Sniff is a "Scratch-like" programming language that's designed to help Scratchers move gently from Scratch to more conventional languages. They can start writing programs, without having to learn a new language because Sniff is based on Scratch. They learn a little more about variables, compiling, syntax errors (!), and they can have fun controlling real hardware while they're doing it.

Sunday, 3 April 2016

Installing on Windows

Installing Sniff on Windows is a bit more tricky than on other platforms. This is mainly because both Mac and Linux provide a standard, more or less built in set of developer tools. While these might not be installed by default, they're pre-configured so they pretty much install automatically. On Windows we need to install a few things manually, and installing things on Windows is always a pain. There's also been some problems with these tools changing (and different version of windows), so here's an up to-date install guide:

Step One: Install MinGW

MinGW is MINimal Gcc for Windows. It provides the heavy lifting backend, to turn programs into executables. Go to their website, and click the button on the top right that say "download installer". Once its downloaded, run it and you'll get the option to configure your system. If you want you can install everything, but you simply need to select "base", and "msys". Click the Install button, and off it goes.

Once its done, you'll find you've got a folder C:\mingw (it's possible to install elsewhere, but lets not!). Inside that is C:\mingw\msys\msys.bat. This is the program we want, so drag a shortcut to the desktop/startmenu or wherever you want it. If you double click in it you'll get a bash shell - type "ls", and/or "pwd" to check its working (it's a basic Unix/Bash shell so you can pretend you're using a proper computer).

There's one more file to edit before you've got a working MinGW. Open the folder C:\mingw\msys\1.0\etc. In there you'll find a file called "ftab.sample". Copy this (or rename it) to fstab - no extension, in the same folder.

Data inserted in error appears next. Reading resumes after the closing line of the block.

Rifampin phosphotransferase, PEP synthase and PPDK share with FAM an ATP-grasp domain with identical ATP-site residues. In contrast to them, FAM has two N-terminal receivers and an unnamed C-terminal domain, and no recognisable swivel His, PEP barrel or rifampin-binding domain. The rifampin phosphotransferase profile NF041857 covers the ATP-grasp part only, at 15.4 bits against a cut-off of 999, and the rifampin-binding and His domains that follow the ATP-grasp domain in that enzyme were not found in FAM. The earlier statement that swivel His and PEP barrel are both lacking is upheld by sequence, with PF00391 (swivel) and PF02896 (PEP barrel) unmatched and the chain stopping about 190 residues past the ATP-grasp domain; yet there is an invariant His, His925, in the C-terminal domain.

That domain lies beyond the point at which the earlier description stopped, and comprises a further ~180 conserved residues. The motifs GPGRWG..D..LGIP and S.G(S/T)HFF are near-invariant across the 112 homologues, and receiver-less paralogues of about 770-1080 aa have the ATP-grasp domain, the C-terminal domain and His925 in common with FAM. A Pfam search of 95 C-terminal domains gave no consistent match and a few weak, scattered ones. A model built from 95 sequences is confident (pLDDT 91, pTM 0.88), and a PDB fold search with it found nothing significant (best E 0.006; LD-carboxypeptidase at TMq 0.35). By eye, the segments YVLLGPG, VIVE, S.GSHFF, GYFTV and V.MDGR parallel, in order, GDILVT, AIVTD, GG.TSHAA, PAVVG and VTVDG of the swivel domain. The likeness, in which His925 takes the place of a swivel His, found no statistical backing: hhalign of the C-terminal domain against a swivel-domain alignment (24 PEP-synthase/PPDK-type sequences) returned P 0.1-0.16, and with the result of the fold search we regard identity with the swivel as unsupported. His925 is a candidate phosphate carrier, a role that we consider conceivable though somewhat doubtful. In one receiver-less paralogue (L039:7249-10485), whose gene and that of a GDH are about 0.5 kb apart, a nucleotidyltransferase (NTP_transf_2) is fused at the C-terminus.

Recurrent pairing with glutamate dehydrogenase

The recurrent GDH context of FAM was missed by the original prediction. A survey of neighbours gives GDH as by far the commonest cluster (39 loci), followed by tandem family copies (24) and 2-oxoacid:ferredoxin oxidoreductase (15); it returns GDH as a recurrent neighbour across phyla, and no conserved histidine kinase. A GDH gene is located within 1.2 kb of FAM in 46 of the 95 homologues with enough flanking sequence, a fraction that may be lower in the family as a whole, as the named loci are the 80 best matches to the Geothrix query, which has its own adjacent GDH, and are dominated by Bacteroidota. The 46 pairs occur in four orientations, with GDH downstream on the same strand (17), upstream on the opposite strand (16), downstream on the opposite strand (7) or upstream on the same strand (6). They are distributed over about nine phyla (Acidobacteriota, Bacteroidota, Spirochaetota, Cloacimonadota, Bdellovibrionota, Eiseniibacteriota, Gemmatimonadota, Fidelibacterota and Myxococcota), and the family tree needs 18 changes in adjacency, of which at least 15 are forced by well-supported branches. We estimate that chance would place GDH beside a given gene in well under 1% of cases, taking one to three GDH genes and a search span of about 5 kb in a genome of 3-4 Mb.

Now if you start another shell (running the msys shortcut) you'll find that the command "gcc" will say something like "no input files". That means its installed and ready to go.

Step Two: Install Sniff

Download the latest SniffW release. There's actually no difference between the Unix and Windows packages, but we just delete the un-needed bits from each version to keep the file size small. You can place the unzipped folder anywhere you like (please avoid path names with spaces in!), but its easiest to just put it in the users msys folder. To do that open an msys window and type "start .". Then drag the Sniff folder into the folder that has just opened.

Step Three: Lets Go!

In the Sniff folder there's  file called "clickMe.bat". If you do click it then you should get a working version of SniffPad, which you can use to get started writing Sniff programs. You can also create a shortcut to clickMe.bat and put it on your desktop (and rename it to something more memorable), to make things really easy.

When you run Sniffpad like this it runs in the Documents/SniffProjects folder, so you can copy any examples files from the release to that folder to run them.

At some point you'll want to do more than you can just using Sniffpad, so start an msys shell, then cd to the Sniff folder - it you've placed it in the Sniff folder as above, then "cd Sniff26WRelease" or whatever version you're using. Then type "source setup" or ". ./setup" (they both do the same thing) to initialise everything.

Now in the shell, you can run "sniffpad".  cd into the examples folders and off you go. For a more advanced user you can use any text editor you like, and compile programs from the shell, by typing "sniff myprog.sniff".

Step Four: Install Arduino

This step is optional - if you don't want arduino, then just don't install it. You can also install it any time afterwards. Download the installer from the arduino site, and do a regular/standard install. The next time you run the sniff setup, it will say that its found an arduino installation and now in sniffpad you can click the arduino button to compile and download to an Uno, or use uno-sniff to compile from the command line.

You should be able to use more or less any version of the Arduino IDE, but recent versions have a rather nasty bug where the compiler (actually the linker) crashes! This is a problem that the Arduino Forums have been struggling with for a while, as its difficult to reproduce - it only happens for certain programs on certain hardware. However it turns out that Sniff blows it up nearly every time! If you get an error message about "ld.exe", then  try downloading the Arduino 1.0 IDE, and using that. It's a very old version, but seems (at least for me) seems to work OK.

COM Port Discovery
When you initialise Sniff (either by clicking on clickme.bat, or "source setup' from the command line) it detects the first com port and tries to use that whenever it tries to talk to an Arduino, Flotilla, Picoboard, or Lego Control Centre. If you find that any of these aren't working, then try removing other serial devices, and make sure that Sniff is talking to the right piece of hardware.

And that's it... It's a bit more fiddly that Mac/Linux, but not really so hard.

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